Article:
Delivering improved public health outcomes for residents is a top priority for Blackburn with Darwen BC.
We are working hard to ensure that public health is not just ‘another service’ but at the heart of everything we do across policy, service delivery and decision making in every directorate and portfolio.
Blackburn with Darwen is exploring what it means to be a public health council – not just a council with a public health service.
Many factors that affect residents’ health are determined by national policy, in areas such as welfare reform, food policy, tobacco control and alcohol pricing.
We therefore see national advocacy for health-promoting public policy (which supports the most vulnerable) as a growing part of our public health role.
To achieve this, following the transfer of responsibility for public health last April, the council established a two-year public health investment plan.
This plan looked at how the public health grant would be invested, and defined ways in which all council directorates would contribute to public health outcomes, and all relevant major decision making could be subject to health and equality impact assessment.
Every council directorate has been explicitly tasked with improving or contributing to at least five public health targets and has been allocated public health grant resources as part of a £1m Social Determinants of Health Fund. The council’s total public health grant is about £13m per year.
The £1m SDOHF is distributed to individual council departments, which in turn commit to delivering particular health outcomes.
These range from addressing child poverty and increasing use of parks and open spaces, to providing fall prevention services and enforcing underage drinking laws.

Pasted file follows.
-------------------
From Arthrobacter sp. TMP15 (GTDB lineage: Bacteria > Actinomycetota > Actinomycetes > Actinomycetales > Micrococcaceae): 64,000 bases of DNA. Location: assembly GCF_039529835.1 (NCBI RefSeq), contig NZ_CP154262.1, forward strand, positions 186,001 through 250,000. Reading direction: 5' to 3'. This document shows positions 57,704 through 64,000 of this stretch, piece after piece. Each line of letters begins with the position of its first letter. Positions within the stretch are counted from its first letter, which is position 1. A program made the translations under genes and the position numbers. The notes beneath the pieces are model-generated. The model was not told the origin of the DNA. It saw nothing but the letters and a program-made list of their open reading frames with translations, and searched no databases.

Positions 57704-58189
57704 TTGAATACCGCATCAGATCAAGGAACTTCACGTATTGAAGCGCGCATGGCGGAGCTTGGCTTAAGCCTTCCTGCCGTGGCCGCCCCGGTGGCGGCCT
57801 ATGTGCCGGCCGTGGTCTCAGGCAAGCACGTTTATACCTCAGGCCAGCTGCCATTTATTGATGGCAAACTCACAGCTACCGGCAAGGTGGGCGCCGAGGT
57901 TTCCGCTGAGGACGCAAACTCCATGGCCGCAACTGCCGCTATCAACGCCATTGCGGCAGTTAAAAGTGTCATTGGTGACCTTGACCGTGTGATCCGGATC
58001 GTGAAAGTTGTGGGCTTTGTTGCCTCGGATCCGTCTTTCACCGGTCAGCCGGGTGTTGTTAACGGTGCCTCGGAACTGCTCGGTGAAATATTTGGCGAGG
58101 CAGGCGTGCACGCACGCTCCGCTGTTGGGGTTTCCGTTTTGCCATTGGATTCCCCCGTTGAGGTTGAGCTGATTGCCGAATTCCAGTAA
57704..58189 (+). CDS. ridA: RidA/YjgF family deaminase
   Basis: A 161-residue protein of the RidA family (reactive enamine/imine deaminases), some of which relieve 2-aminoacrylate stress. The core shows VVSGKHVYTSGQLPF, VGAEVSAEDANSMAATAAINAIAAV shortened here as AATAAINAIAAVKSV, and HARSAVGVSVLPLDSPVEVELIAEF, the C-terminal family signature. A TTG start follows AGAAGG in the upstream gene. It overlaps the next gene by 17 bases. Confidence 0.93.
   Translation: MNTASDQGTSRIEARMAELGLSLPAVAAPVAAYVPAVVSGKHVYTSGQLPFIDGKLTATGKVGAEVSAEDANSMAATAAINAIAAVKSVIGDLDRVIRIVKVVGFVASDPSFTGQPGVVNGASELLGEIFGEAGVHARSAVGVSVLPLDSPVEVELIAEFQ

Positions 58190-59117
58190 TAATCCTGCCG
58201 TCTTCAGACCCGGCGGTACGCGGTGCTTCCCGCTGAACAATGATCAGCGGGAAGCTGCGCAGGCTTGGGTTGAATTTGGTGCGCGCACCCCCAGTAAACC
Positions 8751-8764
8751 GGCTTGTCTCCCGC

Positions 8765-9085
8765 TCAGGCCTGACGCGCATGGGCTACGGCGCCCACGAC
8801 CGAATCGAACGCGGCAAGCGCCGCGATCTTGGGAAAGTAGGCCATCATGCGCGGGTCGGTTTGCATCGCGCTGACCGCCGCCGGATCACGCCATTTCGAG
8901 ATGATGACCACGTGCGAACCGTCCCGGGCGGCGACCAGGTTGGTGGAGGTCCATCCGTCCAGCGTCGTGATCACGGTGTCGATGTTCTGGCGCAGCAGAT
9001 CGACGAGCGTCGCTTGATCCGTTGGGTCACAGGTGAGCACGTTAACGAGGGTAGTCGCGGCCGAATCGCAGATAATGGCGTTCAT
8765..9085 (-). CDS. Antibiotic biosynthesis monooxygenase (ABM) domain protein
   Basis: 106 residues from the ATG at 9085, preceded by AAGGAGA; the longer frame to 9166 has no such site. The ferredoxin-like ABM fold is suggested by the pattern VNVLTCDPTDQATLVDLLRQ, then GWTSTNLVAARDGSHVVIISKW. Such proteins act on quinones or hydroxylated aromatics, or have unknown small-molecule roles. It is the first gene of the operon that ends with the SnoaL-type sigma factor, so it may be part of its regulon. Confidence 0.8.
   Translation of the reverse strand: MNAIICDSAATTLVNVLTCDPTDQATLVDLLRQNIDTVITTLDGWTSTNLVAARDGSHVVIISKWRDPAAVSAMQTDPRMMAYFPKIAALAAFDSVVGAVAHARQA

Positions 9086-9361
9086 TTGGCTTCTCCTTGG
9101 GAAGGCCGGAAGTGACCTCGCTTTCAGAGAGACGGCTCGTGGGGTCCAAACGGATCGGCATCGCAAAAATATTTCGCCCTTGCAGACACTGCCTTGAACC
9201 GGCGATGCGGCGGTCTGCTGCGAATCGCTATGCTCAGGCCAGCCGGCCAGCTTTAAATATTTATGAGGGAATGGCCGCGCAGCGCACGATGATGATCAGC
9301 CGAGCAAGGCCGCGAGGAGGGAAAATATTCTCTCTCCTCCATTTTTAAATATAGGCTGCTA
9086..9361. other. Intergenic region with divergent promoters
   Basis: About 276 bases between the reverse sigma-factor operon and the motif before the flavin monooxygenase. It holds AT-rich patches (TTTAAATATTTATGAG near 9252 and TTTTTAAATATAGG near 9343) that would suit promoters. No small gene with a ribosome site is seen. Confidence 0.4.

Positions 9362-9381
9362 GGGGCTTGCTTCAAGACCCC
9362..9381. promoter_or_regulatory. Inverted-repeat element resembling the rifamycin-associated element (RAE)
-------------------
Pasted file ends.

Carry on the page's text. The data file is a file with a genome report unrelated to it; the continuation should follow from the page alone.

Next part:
All directorates have a written agreement with the executive member for health and adult social care to deliver defined outcomes for this allocation and routinely report against these outcomes as part of their quarterly monitoring.
Every directorate also has a senior public health specialist or consultant assigned to work closely with them to develop their public health programme.
The targets were chosen based on where evidence was strongest, and priorities set within the council’s overall health and wellbeing strategy.
The council has also brought together commissioners for adult social care, children’s services and public health into a single team so that they can work together to ensure the right services are commissioned to meet local health and social care needs.
This integrated approach has put us in a strong position to work with the local clinical commissioning group on joining up health and social care across local government and the NHS. This will ensure that services are focused around residents – a top priority for council services over the next five years.
Dominic Harrison, director of public health, Blackburn with Darwen BC